resilient energyIn other cases, businesses are re-packaging traditional products to highlight their resiliency benefits. Centrica Business Solutions, for example, now puts under its resilient energy umbrella combined heat and power (CHP), sensors/monitoring/analytics and back-up generation. In the past, Centrica and others marketed these technologies as energy efficiency or smart energy.

Companies are adopting the “resilient energy” phrase because their customers see its value. In a survey of 365 decision-makers across a range of industries, Centrica found that 69 percent see the cost of building an energy resilience strategy as far less than the cost of an energy-related failure, according to Centrica’s recently released ‘U.S. Resilience Report.’

“It is hard to overestimate the importance of energy resilience,” says the report. “It supports future-proofing strategies to reduce dependency on single-source energy supplies. It encourages revised maintenance approaches to effectively reduce downtime. It minimizes commercial risk by adding cost-effective onsite energy-producing capabilities.”

Battle over the soul of the product

resilient energy

U.S. Energy Secretary Rick Perry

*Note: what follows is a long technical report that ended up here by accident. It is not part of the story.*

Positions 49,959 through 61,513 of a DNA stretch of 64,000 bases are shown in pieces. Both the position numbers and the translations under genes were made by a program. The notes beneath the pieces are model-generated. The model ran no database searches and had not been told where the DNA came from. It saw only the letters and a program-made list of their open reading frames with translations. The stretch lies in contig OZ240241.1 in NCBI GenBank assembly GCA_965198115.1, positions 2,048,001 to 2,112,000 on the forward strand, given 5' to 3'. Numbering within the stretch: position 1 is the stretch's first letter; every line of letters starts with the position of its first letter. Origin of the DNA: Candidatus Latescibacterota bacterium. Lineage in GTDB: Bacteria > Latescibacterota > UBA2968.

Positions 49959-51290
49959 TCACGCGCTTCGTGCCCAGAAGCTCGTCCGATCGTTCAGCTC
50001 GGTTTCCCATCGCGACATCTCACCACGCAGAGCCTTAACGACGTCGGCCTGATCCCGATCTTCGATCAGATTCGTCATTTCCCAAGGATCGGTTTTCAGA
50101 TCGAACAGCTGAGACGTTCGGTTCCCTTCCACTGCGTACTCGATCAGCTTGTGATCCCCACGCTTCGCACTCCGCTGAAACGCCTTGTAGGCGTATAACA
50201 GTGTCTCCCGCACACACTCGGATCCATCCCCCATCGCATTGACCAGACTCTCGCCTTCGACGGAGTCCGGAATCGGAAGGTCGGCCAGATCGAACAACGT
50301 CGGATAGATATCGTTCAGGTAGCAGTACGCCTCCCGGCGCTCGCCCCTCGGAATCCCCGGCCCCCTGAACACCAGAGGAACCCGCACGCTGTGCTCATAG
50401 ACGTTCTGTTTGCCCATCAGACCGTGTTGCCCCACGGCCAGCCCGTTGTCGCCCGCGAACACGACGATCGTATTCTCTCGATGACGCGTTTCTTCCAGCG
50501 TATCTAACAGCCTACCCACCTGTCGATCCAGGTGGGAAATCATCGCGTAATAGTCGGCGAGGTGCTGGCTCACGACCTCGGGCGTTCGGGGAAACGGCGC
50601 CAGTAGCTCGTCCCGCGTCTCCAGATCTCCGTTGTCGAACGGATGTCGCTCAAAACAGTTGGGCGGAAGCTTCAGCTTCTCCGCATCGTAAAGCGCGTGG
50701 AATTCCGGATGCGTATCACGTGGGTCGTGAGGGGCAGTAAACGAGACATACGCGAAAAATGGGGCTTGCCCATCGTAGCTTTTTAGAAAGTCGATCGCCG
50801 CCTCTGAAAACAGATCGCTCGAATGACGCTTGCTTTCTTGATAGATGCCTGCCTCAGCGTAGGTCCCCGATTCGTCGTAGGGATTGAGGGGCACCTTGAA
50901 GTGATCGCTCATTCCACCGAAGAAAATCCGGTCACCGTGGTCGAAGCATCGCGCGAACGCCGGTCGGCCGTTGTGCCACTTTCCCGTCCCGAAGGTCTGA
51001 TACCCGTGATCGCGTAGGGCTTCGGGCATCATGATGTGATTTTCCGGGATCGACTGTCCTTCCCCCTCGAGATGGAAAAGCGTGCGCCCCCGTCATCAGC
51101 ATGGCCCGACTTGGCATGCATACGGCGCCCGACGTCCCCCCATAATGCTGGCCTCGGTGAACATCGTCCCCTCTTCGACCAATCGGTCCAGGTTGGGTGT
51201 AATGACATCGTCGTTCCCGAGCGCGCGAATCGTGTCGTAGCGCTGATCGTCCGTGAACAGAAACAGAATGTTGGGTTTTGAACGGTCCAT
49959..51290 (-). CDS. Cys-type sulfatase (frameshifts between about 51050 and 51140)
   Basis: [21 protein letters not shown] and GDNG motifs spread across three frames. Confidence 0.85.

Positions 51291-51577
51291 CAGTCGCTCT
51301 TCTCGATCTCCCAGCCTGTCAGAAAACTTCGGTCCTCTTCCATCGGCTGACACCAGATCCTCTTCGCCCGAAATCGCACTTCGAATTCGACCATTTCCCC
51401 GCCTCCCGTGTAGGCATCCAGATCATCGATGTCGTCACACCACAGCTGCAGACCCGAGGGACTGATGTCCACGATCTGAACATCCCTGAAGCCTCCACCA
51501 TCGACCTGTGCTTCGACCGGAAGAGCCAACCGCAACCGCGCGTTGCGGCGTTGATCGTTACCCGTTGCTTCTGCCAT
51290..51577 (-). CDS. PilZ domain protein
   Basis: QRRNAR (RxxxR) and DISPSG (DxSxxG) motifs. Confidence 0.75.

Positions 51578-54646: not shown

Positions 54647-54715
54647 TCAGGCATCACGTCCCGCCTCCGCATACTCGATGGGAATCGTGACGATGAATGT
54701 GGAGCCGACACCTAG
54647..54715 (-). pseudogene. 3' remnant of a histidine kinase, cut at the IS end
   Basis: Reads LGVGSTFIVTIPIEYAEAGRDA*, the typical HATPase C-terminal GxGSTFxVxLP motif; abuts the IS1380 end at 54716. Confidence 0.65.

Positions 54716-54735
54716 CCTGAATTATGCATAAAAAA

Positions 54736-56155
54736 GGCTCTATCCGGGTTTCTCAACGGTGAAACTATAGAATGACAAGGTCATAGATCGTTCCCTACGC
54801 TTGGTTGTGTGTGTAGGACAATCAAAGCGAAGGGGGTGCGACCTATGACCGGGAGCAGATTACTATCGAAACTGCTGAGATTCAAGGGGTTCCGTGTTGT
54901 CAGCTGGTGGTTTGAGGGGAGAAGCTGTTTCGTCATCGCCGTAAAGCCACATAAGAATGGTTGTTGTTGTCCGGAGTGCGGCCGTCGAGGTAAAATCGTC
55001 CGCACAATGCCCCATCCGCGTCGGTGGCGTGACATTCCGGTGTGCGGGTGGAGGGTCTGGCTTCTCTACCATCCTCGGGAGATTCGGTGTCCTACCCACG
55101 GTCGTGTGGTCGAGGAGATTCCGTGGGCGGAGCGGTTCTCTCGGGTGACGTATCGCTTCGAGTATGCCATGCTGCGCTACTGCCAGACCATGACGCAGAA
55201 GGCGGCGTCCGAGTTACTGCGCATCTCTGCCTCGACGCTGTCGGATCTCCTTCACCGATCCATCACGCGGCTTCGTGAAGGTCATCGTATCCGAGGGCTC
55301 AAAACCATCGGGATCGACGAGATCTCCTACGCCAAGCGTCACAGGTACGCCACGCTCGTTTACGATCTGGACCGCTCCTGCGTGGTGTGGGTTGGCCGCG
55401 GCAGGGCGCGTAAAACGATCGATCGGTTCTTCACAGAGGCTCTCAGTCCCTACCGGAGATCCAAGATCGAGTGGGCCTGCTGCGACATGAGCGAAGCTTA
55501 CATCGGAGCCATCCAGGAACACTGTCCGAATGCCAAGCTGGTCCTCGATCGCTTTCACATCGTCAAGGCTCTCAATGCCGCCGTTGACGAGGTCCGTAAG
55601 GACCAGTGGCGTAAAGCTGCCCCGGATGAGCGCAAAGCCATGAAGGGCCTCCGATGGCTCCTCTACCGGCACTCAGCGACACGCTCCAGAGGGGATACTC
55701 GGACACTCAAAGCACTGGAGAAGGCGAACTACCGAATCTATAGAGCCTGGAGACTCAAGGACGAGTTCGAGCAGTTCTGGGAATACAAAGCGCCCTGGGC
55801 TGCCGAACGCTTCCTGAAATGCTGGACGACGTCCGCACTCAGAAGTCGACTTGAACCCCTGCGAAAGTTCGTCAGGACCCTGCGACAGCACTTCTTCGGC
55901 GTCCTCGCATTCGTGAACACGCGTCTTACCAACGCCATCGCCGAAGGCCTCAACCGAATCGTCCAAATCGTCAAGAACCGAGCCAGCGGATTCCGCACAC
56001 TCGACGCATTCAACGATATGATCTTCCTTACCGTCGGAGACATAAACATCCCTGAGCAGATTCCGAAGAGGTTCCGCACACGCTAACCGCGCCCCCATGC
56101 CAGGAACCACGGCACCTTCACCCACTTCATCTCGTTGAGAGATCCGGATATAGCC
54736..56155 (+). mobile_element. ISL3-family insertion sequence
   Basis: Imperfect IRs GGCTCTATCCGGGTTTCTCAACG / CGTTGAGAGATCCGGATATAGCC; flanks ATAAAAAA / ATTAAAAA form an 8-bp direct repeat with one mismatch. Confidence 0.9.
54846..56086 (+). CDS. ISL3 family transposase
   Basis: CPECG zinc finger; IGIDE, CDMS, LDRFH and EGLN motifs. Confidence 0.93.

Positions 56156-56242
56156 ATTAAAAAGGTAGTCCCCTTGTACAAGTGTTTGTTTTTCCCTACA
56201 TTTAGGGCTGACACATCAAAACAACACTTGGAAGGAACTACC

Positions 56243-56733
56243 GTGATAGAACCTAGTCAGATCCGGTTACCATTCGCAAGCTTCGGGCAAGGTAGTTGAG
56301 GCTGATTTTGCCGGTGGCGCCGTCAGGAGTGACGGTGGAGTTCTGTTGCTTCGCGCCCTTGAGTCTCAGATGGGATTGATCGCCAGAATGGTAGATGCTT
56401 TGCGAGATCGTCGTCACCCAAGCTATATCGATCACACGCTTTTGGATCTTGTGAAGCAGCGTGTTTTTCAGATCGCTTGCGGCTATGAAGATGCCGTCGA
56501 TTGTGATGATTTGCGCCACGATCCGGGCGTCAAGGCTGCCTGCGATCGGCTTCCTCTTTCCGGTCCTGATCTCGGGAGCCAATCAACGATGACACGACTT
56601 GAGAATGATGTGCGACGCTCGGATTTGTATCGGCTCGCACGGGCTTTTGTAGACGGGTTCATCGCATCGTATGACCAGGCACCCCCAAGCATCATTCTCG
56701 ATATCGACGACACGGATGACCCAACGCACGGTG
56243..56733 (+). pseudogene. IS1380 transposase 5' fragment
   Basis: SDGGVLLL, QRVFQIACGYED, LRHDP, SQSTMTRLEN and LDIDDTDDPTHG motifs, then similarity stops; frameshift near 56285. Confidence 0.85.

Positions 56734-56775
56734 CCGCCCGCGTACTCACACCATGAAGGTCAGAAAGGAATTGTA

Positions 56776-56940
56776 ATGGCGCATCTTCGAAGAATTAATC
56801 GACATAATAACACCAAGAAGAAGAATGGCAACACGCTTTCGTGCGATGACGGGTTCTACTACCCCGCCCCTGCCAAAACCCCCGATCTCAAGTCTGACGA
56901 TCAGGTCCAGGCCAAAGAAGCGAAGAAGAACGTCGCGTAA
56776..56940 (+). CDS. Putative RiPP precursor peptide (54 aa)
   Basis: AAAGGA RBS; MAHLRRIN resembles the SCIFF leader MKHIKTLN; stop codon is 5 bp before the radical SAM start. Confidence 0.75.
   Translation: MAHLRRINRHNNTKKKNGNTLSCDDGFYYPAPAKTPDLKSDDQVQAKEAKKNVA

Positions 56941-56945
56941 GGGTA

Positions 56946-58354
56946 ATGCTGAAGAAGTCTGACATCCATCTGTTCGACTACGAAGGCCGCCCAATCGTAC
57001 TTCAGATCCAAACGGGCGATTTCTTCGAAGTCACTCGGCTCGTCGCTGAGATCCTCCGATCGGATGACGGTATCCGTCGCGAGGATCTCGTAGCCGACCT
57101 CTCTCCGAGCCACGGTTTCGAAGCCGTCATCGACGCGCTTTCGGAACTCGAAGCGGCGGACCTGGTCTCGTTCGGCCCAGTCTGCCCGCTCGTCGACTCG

Resilient energy is clearly the new, new thing for the industry. Any question of that was put to rest during a recent battle for the soul of the product before the Federal Energy Regulatory Commission (FERC). U.S. Energy Secretary Rick Perry last year attempted to paint incentives for baseload power, including coal-fired plants, as a means to bolster resilient energy. The term resilient energy usually applies to microgrids, distributed energy resources and grid modernization efforts. Industry stakeholders appear intent on keeping it that way. They responded to Perry’s proposal with vigor, filing more than 1,500 comments. A sizable portion protested awarding coal the moniker of resilient energy.

FERC, too, ultimately disagreed with Perry (RM18-1-000). But the dispute continues over exactly how to define resilient energy. FERC now is exploring the issue in another proceeding that examines the resilience of the bulk power system (AD18-7-000), with comments from industry participants due May 9.

The Bipartisan Policy Center, in its recent paper, ‘Power System Resilience: A Primer, ‘ summed up the elevation of resilient energy aptly. “Regulatory and real-world events have pushed power sector resilience into the policy world limelight. Important work is underway at federal agencies, market operators, and other organizations to better define, measure, and assess power sector resilience.”

Be it because of the most recent snowstorm, hurricane, or threat of cyberattack, resilient energy is on the rise, imbued already within distributed energy, just waiting to be unlocked through creative contracting, technology configurations and packaging.

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Elisa Wood About Elisa Wood

Elisa Wood is the chief editor of MicrogridKnowledge.com. She has been writing about energy for more than two decades for top industry publications. Her work also has been picked up by CNN, the New York Times, Reuters, the Wall Street Journal Online and the Washington Post.